Just figuring stuff out.
Archive for May, 2009
On May 17, 2009, I graduated from Boston University. (Please see my biography for more details on my education.) The Mathematics Department ceremony was at 9 AM that morning, and the university-wide commencement exercises were held at 1 PM that afternoon. While these were obviously exciting events for everyone involved, I was extra-excited about the department ceremony because I would be giving the student speech! (While my father and brother knew about this, my mother and grandmother didn’t. You should have seen the looks on their faces when I entered with the professors and sat down onstage!)
Professor Hall approached me about a month before the ceremony and asked me to give a “short, happy” speech. As long as it was brief and upbeat, I could talk about anything I chose to. Free reign for presentations is a great thing, but it also meant that I needed to put some thought into an appropriate topic. Friends of mine suggested that I “let epsilon be greater than 0″ and somehow prove that we’d all be happy, successful people in five years. Since most of the members of the audience would probably be of the non-math variety, though, I tried to find a more universal topic that would appeal to everyone. (Besides, that proof sounds non-trivial at best.)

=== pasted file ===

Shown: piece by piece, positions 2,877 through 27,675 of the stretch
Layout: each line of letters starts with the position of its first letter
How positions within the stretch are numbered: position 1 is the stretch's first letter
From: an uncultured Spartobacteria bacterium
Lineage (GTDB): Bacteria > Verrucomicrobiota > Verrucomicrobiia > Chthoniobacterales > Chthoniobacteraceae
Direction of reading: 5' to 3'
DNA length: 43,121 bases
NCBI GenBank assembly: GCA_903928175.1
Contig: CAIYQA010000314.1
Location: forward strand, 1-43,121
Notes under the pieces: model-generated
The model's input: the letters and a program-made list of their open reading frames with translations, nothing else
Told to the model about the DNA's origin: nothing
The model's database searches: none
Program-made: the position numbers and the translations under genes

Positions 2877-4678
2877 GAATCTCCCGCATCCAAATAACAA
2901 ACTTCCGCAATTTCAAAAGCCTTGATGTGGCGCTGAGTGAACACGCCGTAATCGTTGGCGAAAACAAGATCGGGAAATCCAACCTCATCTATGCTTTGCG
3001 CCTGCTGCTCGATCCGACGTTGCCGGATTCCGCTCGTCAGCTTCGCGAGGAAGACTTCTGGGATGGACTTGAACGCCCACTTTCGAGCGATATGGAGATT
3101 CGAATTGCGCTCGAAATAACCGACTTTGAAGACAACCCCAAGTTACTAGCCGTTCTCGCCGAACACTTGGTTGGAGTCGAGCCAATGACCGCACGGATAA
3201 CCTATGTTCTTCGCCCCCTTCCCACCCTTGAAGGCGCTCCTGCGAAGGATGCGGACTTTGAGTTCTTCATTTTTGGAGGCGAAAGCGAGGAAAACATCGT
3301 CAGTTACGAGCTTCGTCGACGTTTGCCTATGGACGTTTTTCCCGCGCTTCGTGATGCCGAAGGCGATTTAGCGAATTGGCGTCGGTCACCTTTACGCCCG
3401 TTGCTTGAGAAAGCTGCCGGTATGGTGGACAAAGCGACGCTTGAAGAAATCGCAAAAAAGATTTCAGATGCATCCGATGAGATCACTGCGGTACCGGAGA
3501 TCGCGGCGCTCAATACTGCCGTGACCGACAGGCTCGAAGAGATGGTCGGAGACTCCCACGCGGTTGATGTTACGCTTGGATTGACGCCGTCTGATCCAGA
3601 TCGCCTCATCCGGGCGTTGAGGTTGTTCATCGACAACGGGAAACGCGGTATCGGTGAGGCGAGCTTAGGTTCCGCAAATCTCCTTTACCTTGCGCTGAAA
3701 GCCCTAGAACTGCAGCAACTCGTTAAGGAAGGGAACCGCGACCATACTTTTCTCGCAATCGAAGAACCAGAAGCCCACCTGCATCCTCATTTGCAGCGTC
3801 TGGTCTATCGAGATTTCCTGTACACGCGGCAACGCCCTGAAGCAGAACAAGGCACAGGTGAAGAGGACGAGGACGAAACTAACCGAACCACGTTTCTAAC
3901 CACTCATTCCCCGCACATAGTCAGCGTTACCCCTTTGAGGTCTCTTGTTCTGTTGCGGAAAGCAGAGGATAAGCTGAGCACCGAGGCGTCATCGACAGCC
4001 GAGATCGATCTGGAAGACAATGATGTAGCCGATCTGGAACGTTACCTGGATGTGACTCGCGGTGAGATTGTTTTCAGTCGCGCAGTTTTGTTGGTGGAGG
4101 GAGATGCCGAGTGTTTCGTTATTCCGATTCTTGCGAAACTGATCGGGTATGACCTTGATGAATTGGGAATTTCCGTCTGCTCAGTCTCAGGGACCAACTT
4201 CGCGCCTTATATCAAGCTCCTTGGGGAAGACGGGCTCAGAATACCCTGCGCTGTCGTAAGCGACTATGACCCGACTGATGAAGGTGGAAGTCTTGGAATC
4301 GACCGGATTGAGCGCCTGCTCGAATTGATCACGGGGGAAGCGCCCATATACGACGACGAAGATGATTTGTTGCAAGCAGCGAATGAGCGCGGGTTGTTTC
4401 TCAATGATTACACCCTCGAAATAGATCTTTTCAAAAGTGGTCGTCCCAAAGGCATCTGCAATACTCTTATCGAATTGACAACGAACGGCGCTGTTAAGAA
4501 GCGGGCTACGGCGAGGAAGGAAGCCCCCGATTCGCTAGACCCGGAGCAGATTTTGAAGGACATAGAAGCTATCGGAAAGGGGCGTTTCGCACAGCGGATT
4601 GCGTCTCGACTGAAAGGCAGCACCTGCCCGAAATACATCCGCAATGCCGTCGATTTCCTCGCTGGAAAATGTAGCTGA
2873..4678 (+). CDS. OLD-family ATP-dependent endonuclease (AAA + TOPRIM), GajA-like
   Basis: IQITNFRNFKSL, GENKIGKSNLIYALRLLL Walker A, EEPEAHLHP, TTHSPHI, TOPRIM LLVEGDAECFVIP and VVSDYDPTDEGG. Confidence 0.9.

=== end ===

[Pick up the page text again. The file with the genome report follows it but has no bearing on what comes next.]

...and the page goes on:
Seeking inspiration, I turned to my list of books I’ve read recently and came upon Not Quite What I Was Planning. This book is a collection of six-word memoirs written by a few celebrities but mostly by ordinary people and submitted online to SMITH Magazine. When I read this book in April, I was blown away by the amount of emotion people managed to pack into their six words. Flipping through page after page of smart, funny, witty, regretful, or deep memoirs forced me to think about my own life, both thus far and in the future, and at six words each, the “brevity” aspect of my speech was under control. I thought that I could draw an appropriate amount of interesting, funny, and insightful material from this theme, so I wrote and memorized a speech that included a few of my favorite memoirs, a couple of my own creations, and some encouraging words on setting and achieving goals in the future.
To be honest, I wasn’t sure how the speech would be received. I didn’t share the text with any of my friends or family, and because my parents were in town all weekend, I didn’t have a lot of time to rehearse during the few days leading up to the speech. However, I really enjoy public speaking and thought the text turned out well, so I was optimistic going into it. After Professor D’Agostino’s opening remarks and introduction, up I went to the podium, where I delivered what I thought was a very good rendition of the speech. The audience seemed to enjoy it, too; one of my own six word memoirs was “Math graduation speaker receives standing ovation” and they actually gave me a standing ovation when I finished! The rest of the ceremony flew by in a blur, and by 11 AM, I was holding my Bachelor’s and Master’s degrees in Mathematics and the College Prize for Excellence in Statistics. What a thrill!
I was ready to declare victory with the speech, but less than 36 hours later, I received a Facebook message from Rachel Fershleiser, one of the co-authors of Not Quite What I Was Planning. She heard via a Google Alert and this blog post that I had given a speech referencing her book, and she wanted to learn more about the speech. We exchanged messages and I sent her a copy of the text, which she seemed to really enjoy. As of now, she’d like to publish the speech, and it will be interesting to see how this turns out!